Space Warfare: A Kill Chain Approach

Space is Military High Ground

The US Air Force has been exploring multiple uses of outer space for decades. The latest flight of the secretive USAF X37B space plane came to an end recently after a record 780 days in orbit.

Air Force officials have said that the exact nature of X-37B missions are classified, though they have dropped hints about the types of experiments OTV-5 performed in orbit. One payload was the Air Force Research Laboratory Advanced Structurally Embedded Thermal Spreader, an experiment designed to “test experimental electronics and oscillating heat pipe technologies in the long-duration space environment,” according to an Air Force statement.

OTV-5 also flew to a higher-inclination orbit than previous X-37B flights, suggesting it had new experiments or technology tests in store. In a statement today, Air Force officials confirmed OTV-5 carried multiple experiments and carried smaller satellites into orbit. __

These space flights seem aimed at developing a larger understanding of the space environment, keeping a wide range of possible scenarios in mind.

The “Kill Chain” F2T2EA

A war in space would be a nightmare. Such an engagement could lead to particularly lethal engagements, including space-based EMP attacks on military and civilian targets and the bombardment of Earth cities using space materials — including asteroids. But given what is known about Chinese space weapons and intentions, that bird has long since flown the coop.

Effective “Space Force” military operations could benefit from lessons learned by the US military on the ground and in the air. The “Kill Chain,” or — FIND-FIX-TRACK-TARGET-ENGAGE-ASSESS — is meant to link all levels of operations that might be involved in space operations.

The fusing of sensors, shooters, and C2 [Command & Control] across the special operations and space operations communities during Operation Enduring Freedom proved transformational in redefining how precise precision engagement could be and began an era of increasing dependence on space by the Department of Defense. The benefits of using the kill chain model in the air domain translate through a similar integrative approach for space. The different steps of the F2T2EA process provide a roadmap for achieving a space warfighter mindset and the foundation of a more lethal space force. As technological capabilities continue to advance to increase lethality and accuracy, the relationships and processes that guide those capabilities should keep pace with the threat. __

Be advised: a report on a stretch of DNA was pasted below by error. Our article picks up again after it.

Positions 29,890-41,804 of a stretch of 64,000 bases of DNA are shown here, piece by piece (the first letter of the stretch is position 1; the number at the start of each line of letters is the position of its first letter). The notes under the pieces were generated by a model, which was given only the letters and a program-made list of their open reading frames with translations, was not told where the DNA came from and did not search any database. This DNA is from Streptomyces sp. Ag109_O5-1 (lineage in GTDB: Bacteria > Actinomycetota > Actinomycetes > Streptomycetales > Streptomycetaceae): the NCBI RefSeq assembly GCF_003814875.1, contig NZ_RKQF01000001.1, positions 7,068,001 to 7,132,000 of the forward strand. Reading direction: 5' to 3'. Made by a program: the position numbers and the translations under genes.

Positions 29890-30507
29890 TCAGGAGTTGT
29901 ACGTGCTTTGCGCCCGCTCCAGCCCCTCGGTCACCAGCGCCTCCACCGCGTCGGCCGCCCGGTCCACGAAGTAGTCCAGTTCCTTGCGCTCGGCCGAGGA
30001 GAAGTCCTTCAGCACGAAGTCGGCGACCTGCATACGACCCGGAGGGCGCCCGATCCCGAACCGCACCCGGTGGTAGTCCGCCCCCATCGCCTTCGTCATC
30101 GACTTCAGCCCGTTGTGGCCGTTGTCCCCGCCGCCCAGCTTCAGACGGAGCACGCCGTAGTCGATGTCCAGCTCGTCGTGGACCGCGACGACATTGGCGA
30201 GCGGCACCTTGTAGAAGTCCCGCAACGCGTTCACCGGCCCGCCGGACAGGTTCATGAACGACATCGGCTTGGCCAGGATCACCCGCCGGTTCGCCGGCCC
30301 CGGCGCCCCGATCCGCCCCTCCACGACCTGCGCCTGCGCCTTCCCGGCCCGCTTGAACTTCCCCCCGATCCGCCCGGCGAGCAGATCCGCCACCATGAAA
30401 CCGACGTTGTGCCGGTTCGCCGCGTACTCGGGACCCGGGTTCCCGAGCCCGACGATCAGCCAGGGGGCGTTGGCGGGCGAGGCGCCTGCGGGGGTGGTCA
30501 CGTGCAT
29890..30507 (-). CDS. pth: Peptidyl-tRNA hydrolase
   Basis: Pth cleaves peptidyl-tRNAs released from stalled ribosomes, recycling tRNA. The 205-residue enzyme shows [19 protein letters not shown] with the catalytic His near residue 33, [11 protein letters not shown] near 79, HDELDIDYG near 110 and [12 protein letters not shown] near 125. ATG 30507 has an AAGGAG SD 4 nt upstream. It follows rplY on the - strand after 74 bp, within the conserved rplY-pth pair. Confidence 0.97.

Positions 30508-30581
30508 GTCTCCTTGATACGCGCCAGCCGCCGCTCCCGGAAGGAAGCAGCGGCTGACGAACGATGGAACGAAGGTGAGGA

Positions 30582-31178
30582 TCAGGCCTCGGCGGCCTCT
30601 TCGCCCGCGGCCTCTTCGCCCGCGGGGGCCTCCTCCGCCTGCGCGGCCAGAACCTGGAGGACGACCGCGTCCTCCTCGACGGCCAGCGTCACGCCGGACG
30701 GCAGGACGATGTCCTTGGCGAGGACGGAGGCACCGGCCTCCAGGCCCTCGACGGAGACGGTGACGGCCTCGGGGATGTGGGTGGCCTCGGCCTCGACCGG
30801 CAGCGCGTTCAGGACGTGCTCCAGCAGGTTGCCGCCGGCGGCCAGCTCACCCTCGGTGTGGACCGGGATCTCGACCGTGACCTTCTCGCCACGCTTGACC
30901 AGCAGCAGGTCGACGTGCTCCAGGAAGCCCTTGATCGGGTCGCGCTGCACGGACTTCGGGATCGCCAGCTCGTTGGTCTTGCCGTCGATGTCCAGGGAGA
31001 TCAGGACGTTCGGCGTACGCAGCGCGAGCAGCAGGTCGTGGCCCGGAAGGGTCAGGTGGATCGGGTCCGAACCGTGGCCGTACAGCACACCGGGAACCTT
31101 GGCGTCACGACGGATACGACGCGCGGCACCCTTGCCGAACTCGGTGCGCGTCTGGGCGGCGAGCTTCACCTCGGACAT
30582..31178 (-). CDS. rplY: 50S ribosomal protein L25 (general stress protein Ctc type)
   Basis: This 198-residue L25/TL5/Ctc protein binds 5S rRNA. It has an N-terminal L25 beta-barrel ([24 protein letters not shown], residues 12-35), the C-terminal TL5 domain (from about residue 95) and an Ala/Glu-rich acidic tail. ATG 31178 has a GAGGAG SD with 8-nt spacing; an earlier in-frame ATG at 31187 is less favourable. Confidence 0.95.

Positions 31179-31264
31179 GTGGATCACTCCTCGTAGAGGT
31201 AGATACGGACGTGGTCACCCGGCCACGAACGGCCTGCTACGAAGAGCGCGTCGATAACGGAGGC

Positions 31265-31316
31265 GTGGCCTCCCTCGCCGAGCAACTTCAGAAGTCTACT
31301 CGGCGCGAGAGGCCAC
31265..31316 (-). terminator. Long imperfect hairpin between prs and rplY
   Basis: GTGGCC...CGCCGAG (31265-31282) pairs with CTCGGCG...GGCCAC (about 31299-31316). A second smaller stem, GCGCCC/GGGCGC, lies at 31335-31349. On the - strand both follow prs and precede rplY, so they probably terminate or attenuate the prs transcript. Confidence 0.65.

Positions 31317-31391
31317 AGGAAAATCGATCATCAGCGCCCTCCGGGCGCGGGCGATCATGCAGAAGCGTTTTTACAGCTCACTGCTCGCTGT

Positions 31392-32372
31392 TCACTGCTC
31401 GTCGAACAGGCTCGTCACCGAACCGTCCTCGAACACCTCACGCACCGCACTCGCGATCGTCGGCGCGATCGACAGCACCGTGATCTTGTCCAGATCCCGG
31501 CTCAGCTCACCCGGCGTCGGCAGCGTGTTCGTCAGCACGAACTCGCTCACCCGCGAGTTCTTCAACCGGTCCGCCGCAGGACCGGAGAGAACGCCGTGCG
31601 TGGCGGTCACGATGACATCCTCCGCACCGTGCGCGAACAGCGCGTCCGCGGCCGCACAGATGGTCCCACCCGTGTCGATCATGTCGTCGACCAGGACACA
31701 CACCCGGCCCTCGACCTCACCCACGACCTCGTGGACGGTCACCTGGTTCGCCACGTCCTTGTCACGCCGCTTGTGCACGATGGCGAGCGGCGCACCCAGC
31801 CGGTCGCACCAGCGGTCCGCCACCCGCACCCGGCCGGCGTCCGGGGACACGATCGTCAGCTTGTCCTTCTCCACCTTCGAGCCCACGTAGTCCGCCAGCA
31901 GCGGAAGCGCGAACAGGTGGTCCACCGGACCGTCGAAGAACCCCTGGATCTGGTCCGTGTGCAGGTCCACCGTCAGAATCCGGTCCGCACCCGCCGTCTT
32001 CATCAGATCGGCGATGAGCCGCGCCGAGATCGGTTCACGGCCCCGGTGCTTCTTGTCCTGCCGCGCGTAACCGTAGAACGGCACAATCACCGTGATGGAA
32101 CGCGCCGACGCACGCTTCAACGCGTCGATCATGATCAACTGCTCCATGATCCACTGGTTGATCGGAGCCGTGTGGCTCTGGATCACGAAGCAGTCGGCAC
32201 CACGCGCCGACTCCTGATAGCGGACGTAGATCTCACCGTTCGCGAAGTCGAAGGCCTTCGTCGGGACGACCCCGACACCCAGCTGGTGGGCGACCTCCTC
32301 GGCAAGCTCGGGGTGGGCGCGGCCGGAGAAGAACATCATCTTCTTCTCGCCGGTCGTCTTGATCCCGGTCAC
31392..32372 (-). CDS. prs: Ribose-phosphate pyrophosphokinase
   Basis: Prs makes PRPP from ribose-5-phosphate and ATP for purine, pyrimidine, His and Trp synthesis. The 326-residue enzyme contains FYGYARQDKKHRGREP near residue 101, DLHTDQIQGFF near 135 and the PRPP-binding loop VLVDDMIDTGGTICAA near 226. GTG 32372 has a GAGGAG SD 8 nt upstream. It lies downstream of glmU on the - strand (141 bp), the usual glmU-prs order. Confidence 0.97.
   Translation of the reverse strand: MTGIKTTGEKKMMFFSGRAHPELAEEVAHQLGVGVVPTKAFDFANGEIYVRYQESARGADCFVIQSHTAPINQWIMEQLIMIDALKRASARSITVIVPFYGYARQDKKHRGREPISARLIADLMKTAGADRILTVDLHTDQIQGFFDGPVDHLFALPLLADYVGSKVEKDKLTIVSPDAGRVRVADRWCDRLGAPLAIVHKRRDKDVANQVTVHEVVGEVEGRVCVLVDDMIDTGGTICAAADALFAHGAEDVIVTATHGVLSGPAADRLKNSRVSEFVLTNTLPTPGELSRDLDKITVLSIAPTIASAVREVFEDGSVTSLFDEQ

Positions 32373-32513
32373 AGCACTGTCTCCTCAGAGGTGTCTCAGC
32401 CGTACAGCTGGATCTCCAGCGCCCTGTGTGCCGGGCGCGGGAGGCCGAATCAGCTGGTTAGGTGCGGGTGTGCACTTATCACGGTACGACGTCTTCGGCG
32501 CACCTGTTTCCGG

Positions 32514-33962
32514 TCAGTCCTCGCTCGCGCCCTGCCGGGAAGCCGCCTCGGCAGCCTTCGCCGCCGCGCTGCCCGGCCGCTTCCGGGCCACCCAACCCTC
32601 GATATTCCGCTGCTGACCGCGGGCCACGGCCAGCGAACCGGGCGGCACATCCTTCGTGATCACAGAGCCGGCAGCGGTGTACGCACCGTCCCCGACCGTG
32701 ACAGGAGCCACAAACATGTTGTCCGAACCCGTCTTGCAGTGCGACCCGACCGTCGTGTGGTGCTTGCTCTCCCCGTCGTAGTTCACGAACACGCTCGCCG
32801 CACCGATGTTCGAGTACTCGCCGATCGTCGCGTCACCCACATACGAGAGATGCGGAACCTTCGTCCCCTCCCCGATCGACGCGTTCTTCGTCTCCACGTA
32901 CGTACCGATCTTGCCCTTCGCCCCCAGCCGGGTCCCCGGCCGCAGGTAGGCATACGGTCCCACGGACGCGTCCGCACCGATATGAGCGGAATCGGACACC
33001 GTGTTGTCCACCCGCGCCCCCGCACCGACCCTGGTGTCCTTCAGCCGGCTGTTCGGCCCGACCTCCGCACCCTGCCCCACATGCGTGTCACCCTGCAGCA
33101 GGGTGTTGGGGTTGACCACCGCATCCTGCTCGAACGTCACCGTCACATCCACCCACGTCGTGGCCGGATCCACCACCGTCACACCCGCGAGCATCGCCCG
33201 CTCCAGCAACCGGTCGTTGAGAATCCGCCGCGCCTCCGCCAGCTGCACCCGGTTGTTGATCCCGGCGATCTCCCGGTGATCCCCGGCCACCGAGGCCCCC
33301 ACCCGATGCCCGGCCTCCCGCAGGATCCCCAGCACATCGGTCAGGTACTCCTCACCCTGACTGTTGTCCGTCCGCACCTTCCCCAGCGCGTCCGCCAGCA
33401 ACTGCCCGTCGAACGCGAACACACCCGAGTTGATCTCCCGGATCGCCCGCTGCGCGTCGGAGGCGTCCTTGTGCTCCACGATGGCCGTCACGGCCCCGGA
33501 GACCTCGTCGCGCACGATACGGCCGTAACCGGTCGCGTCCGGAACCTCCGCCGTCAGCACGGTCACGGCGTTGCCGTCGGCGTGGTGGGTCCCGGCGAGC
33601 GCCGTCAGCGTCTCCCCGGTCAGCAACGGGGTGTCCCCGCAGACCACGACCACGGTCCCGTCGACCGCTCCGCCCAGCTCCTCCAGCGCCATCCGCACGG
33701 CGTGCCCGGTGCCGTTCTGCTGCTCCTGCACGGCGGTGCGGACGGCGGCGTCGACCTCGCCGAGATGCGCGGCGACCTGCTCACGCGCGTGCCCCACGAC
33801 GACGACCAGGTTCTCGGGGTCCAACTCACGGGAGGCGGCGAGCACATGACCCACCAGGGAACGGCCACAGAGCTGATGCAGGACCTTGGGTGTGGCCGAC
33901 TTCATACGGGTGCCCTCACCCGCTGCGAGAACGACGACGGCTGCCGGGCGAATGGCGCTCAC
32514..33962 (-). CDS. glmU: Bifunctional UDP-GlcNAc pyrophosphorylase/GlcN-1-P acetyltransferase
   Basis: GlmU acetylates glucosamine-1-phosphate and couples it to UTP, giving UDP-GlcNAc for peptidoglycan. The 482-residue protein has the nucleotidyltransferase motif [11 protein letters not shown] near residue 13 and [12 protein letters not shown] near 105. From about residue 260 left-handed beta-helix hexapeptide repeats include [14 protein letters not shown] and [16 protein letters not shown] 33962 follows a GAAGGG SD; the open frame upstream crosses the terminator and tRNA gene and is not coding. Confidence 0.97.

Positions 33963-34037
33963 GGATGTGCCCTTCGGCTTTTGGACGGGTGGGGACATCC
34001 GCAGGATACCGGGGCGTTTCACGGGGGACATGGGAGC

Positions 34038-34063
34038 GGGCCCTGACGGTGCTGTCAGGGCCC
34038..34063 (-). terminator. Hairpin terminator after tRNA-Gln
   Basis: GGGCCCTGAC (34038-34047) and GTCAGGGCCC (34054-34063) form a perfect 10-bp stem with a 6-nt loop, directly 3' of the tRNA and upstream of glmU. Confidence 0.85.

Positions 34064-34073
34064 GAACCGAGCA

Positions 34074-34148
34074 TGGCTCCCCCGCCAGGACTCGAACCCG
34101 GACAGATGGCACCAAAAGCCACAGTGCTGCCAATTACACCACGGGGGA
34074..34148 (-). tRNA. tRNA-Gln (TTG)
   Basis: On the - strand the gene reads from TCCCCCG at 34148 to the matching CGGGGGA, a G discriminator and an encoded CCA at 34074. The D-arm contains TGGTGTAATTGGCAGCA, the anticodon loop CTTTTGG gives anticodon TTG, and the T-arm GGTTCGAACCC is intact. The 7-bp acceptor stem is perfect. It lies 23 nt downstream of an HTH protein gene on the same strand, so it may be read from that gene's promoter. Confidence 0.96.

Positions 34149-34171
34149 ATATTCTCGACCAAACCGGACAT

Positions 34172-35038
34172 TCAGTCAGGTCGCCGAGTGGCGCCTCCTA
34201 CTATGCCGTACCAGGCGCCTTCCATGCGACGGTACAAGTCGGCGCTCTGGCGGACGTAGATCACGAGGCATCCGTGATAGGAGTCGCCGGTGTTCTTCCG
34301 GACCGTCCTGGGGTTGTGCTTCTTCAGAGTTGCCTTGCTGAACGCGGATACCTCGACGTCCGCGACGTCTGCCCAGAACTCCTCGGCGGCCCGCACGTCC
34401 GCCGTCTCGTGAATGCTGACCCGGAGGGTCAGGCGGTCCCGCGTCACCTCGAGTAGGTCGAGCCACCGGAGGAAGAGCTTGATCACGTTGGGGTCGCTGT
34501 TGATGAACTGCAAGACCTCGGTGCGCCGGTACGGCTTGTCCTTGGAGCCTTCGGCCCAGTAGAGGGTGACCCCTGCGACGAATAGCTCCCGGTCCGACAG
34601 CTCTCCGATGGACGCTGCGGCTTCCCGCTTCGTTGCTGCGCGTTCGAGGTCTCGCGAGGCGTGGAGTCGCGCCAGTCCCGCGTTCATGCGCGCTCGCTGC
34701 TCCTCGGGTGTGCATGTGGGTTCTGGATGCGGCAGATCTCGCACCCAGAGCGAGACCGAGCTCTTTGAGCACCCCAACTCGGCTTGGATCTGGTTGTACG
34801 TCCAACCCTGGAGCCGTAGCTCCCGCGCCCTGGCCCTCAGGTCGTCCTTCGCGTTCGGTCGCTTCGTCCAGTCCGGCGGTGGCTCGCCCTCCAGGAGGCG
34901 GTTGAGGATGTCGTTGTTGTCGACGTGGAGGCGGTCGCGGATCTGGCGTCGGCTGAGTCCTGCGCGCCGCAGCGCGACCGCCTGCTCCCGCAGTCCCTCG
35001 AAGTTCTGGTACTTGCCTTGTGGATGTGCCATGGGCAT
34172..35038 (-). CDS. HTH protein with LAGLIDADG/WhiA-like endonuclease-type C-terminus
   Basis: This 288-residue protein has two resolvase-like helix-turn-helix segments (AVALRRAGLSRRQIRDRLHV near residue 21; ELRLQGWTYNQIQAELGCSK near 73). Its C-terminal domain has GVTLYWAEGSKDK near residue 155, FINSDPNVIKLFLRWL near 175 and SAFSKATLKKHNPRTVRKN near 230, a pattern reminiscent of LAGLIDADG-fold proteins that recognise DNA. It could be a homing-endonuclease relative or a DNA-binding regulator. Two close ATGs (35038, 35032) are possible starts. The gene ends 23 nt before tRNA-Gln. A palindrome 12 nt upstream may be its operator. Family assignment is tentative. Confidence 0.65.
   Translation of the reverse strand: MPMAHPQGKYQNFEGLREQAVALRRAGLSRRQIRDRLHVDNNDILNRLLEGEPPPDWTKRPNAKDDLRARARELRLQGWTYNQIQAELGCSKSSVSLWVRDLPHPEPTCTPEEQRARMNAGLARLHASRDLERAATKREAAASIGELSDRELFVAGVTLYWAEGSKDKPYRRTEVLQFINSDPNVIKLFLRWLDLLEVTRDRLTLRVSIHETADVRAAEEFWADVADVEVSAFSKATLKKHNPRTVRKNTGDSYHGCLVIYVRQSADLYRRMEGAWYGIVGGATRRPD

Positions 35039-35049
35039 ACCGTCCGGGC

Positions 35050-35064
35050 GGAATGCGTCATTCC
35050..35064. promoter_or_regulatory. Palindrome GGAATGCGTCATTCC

It is inevitable that the US Space Force would utilise a large number of unmanned autonomous and remotely piloted space craft and aircraft against any opponent engaged in a space war against the US. Drones are cheaper than manned craft, and are already being incorporated into advanced air war strategies:

A combat drone could become a force multiplier for manned aircraft. A F-35A, F-22 Raptor, or even B-21 Raider bomber could someday control several unmanned escorts, each with a different mission and equipment set. Drones accompanying fighters could search for manned enemy warplanes, then act as bait for an aerial ambush or engage the enemy with missiles. Drones accompanying bombers could map out the enemy’s air defense grid, jam enemy communications and radars, and seek out and destroy enemy radars and surface to air missile sites– improving the bomber’s chances of escaping detection. Finally, a drone could act as a decoy for any manned plane, sacrificing itself. __ Popular Mechanics